Close Encounters of the Turd Kind
Posted by special request from Nicola.
My biggest worry when applying for this Welfare Manager job wasn’t the immense medical responsibility, the huge pressure of keeping 130 students and staff safe and healthy for five weeks, or the accountability for pretty much anything that goes on. It was that I would, at some point, have to deal with poo.
I had hoped that being at a school with kids aged 11-16 there wouldn’t be much need for me to deal with faeces. In my four summers working at the school the older centres have always been fine, so touch wood, this trend will carry on (or perhaps, more appropriately, touch cloth). Still, I’ve not managed to avoid having any few poo-related incidents so far over my summer school career…
- At Eastbourne, where the younger students all go, there were a few toilet troubles. The biggest of them was one student who suffered from extreme constipation – so extreme, in fact, that it resulted in the body expelling the unwanted matter inside. That’s probably about as much detail as I need to go into, and fortunately it was two years ago and while I knew all there was to know about that particular ailment at the time, happily I’ve forgotten the medical details now. I do recall that there was a call over the walkie-talkie to notify us that there was a “Code Brown” incident in one of the houses. The sense of horror his words brought can never be forgotten.
- At the same place, a smaller boy had an accident in his pants one day and proceeded to hide the incriminating pants in his cupboard. Perhaps he was embarrassed; perhaps he just didn’t know what to do. Either way, I doubt it counts among one of the most thrilling discoveries made when a House Parent retrieved them (fortunately) soon after.
- There was a near-miss at Eastbourne again, in fact with the same boy. At that site the summer school office overlooked the playing field, where the kids went for their breaks. Looking over them one day during a lunch break, feeling lordly and powerful in my elevated viewing arena, I spotted little Timmy* waddling around unusually. Unusual, that is, because he didn’t normally waddle as such. I radioed down to a member of staff to get him to check if Timmy was alright, because he definitely had the look of a boy who’d pooed himself again. As it turned out, the reason for the waddling was that he was cold. Something for Arctic explorers to take note of here – when it gets a bit nippy, try waddling. It seems to work for penguins and little Timmy.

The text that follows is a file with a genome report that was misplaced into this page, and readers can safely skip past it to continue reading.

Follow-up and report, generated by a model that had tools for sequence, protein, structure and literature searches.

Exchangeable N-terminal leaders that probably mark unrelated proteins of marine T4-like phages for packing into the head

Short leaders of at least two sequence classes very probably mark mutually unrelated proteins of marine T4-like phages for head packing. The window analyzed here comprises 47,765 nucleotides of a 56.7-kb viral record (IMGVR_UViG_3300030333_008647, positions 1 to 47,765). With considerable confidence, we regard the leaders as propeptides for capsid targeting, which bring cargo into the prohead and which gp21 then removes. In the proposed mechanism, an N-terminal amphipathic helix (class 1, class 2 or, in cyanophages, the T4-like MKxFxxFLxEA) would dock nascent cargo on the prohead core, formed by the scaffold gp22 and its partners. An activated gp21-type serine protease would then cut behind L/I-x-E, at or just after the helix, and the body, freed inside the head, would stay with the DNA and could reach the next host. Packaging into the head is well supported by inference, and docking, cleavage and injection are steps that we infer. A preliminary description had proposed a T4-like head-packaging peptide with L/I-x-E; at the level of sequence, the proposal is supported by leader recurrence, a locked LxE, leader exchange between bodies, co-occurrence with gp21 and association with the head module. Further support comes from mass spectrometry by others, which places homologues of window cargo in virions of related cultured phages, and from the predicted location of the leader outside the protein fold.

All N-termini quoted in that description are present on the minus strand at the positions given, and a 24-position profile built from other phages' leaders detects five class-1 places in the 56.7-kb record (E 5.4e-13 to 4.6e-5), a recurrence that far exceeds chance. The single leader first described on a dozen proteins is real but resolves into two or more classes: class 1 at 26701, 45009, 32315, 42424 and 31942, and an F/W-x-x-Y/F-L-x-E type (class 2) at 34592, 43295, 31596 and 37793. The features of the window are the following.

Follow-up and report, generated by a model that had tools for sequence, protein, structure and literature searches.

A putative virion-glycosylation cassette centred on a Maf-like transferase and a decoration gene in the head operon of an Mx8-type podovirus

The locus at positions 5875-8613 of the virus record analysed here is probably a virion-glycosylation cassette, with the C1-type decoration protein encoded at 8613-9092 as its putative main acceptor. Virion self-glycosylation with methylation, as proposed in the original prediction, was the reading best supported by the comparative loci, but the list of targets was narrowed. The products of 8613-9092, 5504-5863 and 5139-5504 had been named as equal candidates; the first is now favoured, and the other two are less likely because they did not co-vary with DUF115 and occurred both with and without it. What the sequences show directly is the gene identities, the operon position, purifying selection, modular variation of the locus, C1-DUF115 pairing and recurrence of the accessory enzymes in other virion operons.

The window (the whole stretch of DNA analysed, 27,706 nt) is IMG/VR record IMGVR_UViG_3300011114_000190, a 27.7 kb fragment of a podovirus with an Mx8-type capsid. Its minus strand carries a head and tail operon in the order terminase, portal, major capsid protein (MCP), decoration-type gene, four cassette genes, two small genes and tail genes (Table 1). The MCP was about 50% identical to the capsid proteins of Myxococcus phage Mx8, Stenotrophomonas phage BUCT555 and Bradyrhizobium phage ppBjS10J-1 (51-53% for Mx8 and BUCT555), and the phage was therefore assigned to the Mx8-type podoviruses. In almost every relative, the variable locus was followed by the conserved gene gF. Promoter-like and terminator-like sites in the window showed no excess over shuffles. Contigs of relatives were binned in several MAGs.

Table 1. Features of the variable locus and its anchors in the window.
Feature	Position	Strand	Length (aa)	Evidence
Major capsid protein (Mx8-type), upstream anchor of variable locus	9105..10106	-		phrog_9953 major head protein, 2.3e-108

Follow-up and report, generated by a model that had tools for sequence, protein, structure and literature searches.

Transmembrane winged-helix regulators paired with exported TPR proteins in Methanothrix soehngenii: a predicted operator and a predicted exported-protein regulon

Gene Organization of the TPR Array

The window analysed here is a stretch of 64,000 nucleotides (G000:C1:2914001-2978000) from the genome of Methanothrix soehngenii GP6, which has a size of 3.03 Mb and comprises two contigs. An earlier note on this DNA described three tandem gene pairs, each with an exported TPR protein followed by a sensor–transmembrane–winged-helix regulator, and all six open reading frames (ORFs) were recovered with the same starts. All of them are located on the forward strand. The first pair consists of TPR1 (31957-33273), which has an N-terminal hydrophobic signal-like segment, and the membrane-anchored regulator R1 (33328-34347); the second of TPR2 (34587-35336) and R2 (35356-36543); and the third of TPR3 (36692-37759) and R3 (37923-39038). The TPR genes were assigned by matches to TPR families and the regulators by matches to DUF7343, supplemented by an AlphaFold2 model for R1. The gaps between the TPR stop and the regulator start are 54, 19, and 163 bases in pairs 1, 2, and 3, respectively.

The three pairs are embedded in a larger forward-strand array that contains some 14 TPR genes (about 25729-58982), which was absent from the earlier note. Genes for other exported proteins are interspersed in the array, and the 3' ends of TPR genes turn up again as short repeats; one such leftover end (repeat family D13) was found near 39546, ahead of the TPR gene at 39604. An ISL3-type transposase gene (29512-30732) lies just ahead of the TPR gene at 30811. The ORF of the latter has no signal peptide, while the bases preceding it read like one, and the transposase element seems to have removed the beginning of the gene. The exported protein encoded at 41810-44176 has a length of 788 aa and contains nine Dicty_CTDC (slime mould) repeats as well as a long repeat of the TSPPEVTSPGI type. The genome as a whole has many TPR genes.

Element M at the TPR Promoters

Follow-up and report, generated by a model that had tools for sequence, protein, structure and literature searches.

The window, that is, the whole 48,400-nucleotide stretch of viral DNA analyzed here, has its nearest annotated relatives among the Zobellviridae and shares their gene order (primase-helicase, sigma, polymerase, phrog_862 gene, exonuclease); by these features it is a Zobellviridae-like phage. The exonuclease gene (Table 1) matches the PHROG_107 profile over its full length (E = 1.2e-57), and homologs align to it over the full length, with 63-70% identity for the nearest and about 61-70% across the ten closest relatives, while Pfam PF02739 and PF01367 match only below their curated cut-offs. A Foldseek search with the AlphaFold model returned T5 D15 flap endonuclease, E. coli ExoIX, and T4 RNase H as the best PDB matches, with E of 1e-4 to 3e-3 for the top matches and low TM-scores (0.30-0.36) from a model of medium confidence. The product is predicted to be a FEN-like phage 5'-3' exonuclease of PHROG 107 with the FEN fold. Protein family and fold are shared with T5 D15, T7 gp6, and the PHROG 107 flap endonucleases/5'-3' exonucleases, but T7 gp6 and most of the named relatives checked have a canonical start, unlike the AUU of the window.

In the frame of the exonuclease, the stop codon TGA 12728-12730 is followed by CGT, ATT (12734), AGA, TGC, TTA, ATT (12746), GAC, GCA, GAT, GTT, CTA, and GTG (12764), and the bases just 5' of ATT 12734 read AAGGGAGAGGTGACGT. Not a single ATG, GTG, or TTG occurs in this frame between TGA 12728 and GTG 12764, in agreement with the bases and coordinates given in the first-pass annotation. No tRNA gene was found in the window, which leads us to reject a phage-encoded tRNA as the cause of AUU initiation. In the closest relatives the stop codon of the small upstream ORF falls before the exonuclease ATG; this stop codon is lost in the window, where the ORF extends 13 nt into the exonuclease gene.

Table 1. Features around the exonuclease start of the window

- This year saw my next near encounter with poop. For a variety of reasons we weren’t allowed at our host school until the Sunday – usually we are there for the Saturday to set up before students arrive the next day. And so it was that we arrived at around 5:30am on that Sunday morning and started straight away to prepare for the arrivals.
This involved, for me and one of my House Parents, a trip to the boys’ boarding block to check the rooms were all clear and the bathrooms were all clean. As it turned out, everything was perfect…except for one toilet. To put it politely, there was a sizeable obstacle in the toilet bowl. To put it rather less politely and more bluntly, there was a massive poo. I thus found myself, at 6am on a Sunday morning having been awake for an hour and a half and having had no breakfast, attempting to clear said blockage. I won’t go into details. It was thoroughly unpleasant.
It wasn’t by any means the perfect start to my time here. I also discovered that I’m not particularly good at dealing with poo, a quality it would be useful to have in my role as Welfare Manager. Or perhaps I simply discovered that I can’t deal with it at 6am. I’d rather not have another opportunity to find out, if I’m honest.
. *Names have been changed to protect the identities of those involved.